DEI now has dozens of administrators in the system at UA devoted to making these ends and goals come to pass. They are disguised rather thinly, but the truth is they are eroding true freedom of speech in research and teaching and lowering standards (freshman can’t fail English and Math anymore; they simply keep retaking them until they pass some watered-down versions of what used to be key areas in the Core Curriculum) to the point where a college degree is coming to be meaningless. Everyone qualifies; all are promoted. What happened to hard work, tests to determine learning, desire to succeed, skills challenged, the making of an educated man or woman, or now a woman who claims to be a man, or a man who thinks he is a woman?

All this is being done in the clear. UA claims that now there are more than 1500 courses devoted in some fashion to diversity. Fifteen hundred courses?! What does that translate into dollars and cents, what percentage of the tuition and fees you are paying to have your son or daughter at UA goes to those who administer and teach critical race theory which itself is false and spurious.

Victor Davis Hanson, a professor of classics and military history at California State University and a fellow in classics and military history at Stanford University summarized the last ten months in a column, “The ‘Woke’ Got What they Wanted—and Then What?” in The Epoch Times, Dec. 15-20, 2021.

 “So, in just 10 months, the left got what it wanted,” which included open borders, defunding police, leading to “shoplifting, looting, and street thuggery  [now] just part of living in a normal city,” vast increases in oil and gas to accommodate pie in the sky green agendas to manage climate changes, printing vast amounts of money to “spread the wealth” leading to rampant inflation stomping all over on the poor and middle classes, a disaster in foreign policy in Afghanistan where the U. S. president declared a victory as we scrambled out of the country, our tails between our legs as the rebels slaughtered the last remaining American troops, and let’s add CRT and DEI to the disasters in the schools and colleges of the nation.

As Hanson noted, “the people are becoming not just sick of what has followed, but disgusted. They are terrified that the left isn’t just failing, but also wrecking the country and them along with it.”

The recent elections in Virginia showed just what parents thought of CRT propaganda being distributed in K-12 school. We here in Alabama now have a bill in the Legislature to bring CRT rules and principles under either control, or completely eliminated. It will come to a vote later in 2022 and the Governor, Kay Ivey, will have to decide whether she will support it or not. Her election in the next round of elections may depend on how she votes on this bill.

How do DEI directors at UA propose to bring all this about, or, more exactly, deepen and widen the scope of the great kidnapping? There is a web site,, which probably has 100 pages or sections or more describing IN DETAIL both the strategy and tactics for DEI promotion at UA.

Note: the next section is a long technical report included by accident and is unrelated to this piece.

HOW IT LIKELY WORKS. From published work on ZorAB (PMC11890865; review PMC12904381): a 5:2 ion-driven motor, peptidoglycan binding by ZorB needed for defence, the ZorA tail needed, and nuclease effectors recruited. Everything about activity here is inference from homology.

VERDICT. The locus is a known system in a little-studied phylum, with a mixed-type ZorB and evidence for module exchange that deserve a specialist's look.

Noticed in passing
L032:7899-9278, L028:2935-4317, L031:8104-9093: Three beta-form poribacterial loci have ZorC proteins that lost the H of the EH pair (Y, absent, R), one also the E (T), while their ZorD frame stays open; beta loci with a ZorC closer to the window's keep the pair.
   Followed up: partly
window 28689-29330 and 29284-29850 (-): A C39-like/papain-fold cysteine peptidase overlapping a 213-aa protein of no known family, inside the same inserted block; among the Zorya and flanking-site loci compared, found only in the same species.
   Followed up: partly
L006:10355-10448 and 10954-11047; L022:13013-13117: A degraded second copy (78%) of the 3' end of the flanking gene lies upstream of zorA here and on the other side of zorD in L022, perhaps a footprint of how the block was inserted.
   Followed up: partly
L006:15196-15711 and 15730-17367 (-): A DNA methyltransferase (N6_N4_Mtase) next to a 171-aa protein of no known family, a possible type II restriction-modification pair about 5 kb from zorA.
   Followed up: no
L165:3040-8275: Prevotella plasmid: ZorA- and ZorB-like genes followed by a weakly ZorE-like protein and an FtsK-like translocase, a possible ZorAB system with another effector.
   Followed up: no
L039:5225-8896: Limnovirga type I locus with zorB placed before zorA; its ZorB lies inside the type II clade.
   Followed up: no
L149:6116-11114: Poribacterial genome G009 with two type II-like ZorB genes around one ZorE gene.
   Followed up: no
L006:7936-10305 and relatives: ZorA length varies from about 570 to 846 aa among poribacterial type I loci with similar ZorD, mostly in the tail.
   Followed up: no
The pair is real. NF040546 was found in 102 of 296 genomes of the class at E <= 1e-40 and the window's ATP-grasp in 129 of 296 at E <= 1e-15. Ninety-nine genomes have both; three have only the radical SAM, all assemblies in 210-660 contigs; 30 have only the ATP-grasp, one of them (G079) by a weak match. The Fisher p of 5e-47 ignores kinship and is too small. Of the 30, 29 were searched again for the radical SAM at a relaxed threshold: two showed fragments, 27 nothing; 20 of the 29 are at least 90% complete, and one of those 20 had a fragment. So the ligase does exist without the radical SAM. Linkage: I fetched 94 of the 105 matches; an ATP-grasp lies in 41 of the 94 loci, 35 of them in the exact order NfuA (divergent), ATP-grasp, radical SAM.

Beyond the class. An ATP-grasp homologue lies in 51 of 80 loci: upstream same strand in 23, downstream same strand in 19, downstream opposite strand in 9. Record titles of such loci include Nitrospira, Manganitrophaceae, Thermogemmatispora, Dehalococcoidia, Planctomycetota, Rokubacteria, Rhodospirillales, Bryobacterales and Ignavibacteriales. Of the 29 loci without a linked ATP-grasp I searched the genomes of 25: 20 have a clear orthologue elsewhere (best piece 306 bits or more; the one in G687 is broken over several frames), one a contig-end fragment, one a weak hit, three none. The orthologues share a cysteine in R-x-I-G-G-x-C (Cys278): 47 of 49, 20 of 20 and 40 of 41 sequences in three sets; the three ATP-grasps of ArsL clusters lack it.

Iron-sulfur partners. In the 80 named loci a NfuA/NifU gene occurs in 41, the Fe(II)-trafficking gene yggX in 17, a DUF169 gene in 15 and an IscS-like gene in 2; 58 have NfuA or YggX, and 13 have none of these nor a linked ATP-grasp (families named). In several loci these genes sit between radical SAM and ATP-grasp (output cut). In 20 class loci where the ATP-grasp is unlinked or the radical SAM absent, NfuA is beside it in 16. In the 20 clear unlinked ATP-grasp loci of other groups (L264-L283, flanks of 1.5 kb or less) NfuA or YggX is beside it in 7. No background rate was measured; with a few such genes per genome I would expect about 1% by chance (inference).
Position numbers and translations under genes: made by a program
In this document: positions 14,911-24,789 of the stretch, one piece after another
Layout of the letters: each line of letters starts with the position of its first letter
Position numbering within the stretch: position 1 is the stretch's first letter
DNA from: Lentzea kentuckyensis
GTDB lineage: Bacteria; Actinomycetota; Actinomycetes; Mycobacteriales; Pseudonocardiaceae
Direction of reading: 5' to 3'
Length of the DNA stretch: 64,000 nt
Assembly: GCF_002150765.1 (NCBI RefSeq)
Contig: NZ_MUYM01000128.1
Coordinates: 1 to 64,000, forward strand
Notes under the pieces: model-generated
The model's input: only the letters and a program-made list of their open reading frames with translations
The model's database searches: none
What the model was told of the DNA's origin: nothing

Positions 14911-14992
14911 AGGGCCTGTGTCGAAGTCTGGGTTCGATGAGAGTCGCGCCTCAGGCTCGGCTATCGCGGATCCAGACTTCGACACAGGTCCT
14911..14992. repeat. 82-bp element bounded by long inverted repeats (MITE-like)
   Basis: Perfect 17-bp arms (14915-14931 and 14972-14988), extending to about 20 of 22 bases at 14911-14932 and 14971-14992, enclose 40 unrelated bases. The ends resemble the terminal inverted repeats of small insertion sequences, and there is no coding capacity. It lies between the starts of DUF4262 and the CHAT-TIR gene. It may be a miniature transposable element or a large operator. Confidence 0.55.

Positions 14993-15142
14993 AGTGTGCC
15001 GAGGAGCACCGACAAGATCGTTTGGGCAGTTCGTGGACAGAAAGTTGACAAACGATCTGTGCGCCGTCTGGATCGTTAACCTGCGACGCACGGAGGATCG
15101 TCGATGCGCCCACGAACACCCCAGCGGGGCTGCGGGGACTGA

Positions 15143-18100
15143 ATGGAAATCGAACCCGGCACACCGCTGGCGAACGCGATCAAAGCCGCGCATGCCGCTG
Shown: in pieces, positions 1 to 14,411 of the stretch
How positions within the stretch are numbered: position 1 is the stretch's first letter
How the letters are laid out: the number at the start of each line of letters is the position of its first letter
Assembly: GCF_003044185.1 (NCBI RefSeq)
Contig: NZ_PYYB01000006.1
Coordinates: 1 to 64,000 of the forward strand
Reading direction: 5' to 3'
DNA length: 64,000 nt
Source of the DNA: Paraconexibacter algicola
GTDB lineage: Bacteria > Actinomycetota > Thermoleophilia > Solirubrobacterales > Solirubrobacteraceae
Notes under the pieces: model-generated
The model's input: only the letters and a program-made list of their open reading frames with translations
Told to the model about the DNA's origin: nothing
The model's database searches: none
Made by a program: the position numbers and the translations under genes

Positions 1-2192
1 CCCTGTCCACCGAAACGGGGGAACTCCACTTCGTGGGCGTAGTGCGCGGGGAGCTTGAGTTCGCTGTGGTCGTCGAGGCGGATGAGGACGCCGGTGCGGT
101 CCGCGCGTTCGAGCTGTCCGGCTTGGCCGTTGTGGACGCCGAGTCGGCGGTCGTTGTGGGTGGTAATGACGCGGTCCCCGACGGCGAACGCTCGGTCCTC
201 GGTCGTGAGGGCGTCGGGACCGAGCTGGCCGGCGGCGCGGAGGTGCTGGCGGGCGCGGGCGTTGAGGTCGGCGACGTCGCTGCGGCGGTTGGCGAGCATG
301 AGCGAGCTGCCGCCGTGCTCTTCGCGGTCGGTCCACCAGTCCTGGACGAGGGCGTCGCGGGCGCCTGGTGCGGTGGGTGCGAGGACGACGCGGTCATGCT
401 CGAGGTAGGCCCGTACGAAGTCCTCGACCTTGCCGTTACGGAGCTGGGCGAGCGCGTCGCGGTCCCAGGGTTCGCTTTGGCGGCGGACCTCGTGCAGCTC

I was in the Navy in my service time, in the Amphibious Fleet, and we had to put together huge tomes of the next invasion we planned, everything from the early planning to taking off the dead and wounded at the end. I don’t think any amphibious plan I ever dealt with was anywhere as complete and detailed as the UA DEI plan on the web.

If you have a few hours and are bored some afternoon this winter, take a look. Perhaps the plans for D-Day, June 6, 1944, were longer, but only because a few more troops were involved than DEI is now recruiting across the nation.

 The best tool in exploring the dynamics of action by CRT/DEI is the UA 2021 DEI Progress Report where sections call for mandatory DEI language to be put into job advertisements and requirements for department heads to evaluate faculty on DEI compliance, deans to evaluate department chairs, and appropriate administrators to evaluate deans on DEI.  These things are in writing as part of the “Strategy.”

 I liked the following one, which was a bit different from running the Department of History twenty years ago when I was guided by old standards of excellence, like publications, student evaluations, and service to the profession.

“Conduct, with the leadership of the provost, a review of the tenure and promotion process to re-value the service performed by faculty in the interest of advancing racial equality. The review would take into account such work as mentoring of underrepresented students or performing service to underserved communities. Units should ensure that these highly valued contributions to the tenure and promotion process do not prohibit faculty from advancing in ran in a timely fashion.”

What?! “Mentoring underrepresented students?” Like, this isn’t done to begin with in the admissions process? Ah, another door into DEI at UA which I don’t have time or space to deal with right now. Who is being admitted is another victim of the kidnapping of higher education.

Forget grades, examination scores, other signs of creativity and contributions to the world of education, plus initiative, skill sets, desire, and some other often subjective categories. Think race, victimization, ethnic deficiencies, etc. etc. Little did I know that my Chilean mother might have helped me pass beginning calculus at Duke my freshman year, and my sophomore year when I took it again.

“Doc, calculus and math weren’t in my genes, you know these Hispanics, Latinos, just music and tacos….”